Jews and civil activism in the US

Jews as a minority in the US

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Jewish immigration to the United States commenced in the early 19th century, with the first notable wave featuring German-speaking Jews seeking economic opportunities and religious freedoms. However, it was the latter part of the 19th century and the early 20th century that witnessed a significant surge, marked by Eastern European Jews fleeing persecution and economic hardships. These immigrants, primarily Ashkenazi Jews, settled in urban areas, particularly New York City, forming vibrant communities.[12] Jews' affiliation with other minorities in the U.S. can be traced to shared experiences of marginalization and discrimination. Having faced anti-Semitism, Jews empathized with the struggles of African Americans and other minority groups. This shared understanding of oppression and a commitment to social justice created natural alliances.[13][14][15][16]

Jews in social justice movements prior to the civil rights movement

Prior to the civil rights movement, Jewish individuals were actively engaged in various social justice causes, showcasing a commitment to fighting injustice and inequality. In the early 20th century, Jewish immigrants, particularly those from Eastern Europe, faced harsh working conditions in industries such as garment manufacturing. This led to Jewish participation in labor movements, advocating for fair wages and improved working conditions. The Triangle Shirtwaist Factory fire in 1911, which claimed the lives of predominantly Jewish and Italian immigrant garment workers, galvanized the Jewish community's involvement in workers' rights. Jewish labor activists, such as Clara Lemlich and Rose Schneiderman, played prominent roles in organizing labor strikes and pushing for legislative reforms.[17]

Additionally, during the Progressive Era, Jewish reformers like Lillian Wald and Jane Addams were instrumental in establishing settlement houses and social welfare organizations. These initiatives aimed to address the socio-economic challenges faced by immigrants in urban centers. Jews were also actively involved in the women's suffrage movement, with figures like Rose Schneiderman advocating for women's rights and suffrage alongside their broader commitment to social justice causes.[18] These instances underscored the early 20th-century Jewish community's activism in addressing societal injustices and paved the way for their continued involvement in subsequent civil rights movements.[19][15]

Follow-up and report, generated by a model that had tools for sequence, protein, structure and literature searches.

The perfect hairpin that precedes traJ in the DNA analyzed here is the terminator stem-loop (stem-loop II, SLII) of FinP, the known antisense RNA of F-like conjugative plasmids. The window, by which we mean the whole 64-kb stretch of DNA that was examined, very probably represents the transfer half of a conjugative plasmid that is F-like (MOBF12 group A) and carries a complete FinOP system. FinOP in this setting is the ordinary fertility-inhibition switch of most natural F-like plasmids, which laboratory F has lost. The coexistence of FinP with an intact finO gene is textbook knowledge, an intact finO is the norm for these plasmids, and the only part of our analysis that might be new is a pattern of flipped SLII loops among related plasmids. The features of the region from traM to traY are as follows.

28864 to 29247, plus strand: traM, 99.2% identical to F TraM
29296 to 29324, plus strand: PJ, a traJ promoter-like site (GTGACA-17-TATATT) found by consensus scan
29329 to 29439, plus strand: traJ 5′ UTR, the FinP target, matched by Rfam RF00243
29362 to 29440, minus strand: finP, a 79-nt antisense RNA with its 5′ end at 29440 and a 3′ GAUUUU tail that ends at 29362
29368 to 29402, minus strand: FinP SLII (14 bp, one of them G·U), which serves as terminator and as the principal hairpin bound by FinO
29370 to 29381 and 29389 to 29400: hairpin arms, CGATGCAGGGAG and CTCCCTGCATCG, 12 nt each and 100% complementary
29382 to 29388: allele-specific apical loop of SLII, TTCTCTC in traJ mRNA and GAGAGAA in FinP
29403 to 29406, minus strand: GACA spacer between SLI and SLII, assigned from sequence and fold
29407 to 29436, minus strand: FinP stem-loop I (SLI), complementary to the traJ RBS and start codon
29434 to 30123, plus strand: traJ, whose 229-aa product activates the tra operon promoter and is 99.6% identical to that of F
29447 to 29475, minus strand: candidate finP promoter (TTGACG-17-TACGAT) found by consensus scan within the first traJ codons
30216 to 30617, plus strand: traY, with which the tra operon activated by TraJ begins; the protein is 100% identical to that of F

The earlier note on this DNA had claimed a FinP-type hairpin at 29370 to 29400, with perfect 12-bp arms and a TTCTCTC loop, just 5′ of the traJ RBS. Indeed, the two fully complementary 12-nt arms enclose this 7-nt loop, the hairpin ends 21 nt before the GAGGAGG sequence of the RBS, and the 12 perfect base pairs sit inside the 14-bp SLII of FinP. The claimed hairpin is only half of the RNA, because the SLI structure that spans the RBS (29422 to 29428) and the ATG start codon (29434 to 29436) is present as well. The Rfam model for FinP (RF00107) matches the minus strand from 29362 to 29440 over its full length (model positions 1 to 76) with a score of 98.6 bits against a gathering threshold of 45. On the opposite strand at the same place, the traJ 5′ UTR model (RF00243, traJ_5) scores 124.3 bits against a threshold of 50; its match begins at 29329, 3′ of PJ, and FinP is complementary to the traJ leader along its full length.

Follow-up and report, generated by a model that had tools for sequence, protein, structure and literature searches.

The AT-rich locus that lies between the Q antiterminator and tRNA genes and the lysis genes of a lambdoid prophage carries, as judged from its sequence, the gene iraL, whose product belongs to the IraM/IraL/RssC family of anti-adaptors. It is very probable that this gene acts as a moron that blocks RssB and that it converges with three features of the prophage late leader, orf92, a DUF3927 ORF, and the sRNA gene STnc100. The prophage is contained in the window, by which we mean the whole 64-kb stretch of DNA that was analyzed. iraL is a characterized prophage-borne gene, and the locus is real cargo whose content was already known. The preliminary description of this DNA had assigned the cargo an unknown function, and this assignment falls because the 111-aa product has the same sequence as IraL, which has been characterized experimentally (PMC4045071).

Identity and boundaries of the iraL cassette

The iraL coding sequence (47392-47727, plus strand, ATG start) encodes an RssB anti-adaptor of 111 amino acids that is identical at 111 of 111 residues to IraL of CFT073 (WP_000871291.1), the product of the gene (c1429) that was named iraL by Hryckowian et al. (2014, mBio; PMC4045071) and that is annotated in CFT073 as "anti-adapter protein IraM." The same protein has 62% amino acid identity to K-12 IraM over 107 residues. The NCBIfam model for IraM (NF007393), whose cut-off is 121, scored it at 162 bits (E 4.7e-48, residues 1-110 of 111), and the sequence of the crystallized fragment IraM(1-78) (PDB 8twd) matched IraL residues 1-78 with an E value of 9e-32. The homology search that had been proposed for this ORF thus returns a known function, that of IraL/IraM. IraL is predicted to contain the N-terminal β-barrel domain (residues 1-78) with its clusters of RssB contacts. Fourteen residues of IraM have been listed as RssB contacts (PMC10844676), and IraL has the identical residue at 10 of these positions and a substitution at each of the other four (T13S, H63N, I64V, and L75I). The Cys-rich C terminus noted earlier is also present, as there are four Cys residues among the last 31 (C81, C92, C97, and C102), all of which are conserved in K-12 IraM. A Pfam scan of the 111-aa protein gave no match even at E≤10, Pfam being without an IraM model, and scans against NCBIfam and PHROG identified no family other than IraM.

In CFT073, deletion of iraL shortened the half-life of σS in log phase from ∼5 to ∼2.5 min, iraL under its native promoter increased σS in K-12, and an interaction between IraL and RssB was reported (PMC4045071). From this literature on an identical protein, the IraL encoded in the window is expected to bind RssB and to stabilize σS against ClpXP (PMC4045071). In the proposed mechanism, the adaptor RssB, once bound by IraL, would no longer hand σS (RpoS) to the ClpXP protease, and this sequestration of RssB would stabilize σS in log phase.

Civil rights organizations

NAACP ( National Association for the Advancement of Colored People)

The National Association for the Advancement of Colored People (NAACP) established in 1909 in response to the widespread racial violence and discrimination against African Americans. At its inception, the NAACP aimed to dismantle institutionalized racism and secure civil rights for African Americans through legal means. Jewish individuals played a pivotal role in the formation and early leadership of the NAACP. Joel Elias Spingarn, a prominent Jewish scholar, educator, and civil rights advocate, served as the organization's chairman from 1914 to 1919.[20] His brother, Arthur B. Spingarn, also a key figure in the NAACP,[21] chaired the organization for two decades starting in 1919. The Spingarn brothers' influence extended beyond leadership roles, as they actively contributed to legal initiatives within the NAACP.[22] Joel Spingarn, in particular, used his legal acumen to shape the organization's strategies.[23] His dedication to the cause of equal rights was instrumental in advancing the NAACP's legal efforts, including its focus on anti-lynching legislation and educational equality.[24][25]

Jews within the NAACP were notable in leadership positions, advocacy and activism. Their involvement in legal initiatives, often working alongside African American leaders, helped establish the NAACP as a powerful force in challenging discriminatory laws and practices. Jewish lawyers within the NAACP, such as Charles Houston, often referred to as the "man who killed Jim Crow,"[26] and Jack Greenberg who succeeded Thurgood Marshall as the head of the NAACP Legal Defense Fund, played critical roles in landmark cases like Brown v. Board of Education which declared state laws establishing separate public schools for black and white students to be unconstitutional.[27] Herbert Hill was the NAACP labor secretary from 1951 to 1977.He played a significant role in advancing the cause of economic justice and equality for African American workers.[28]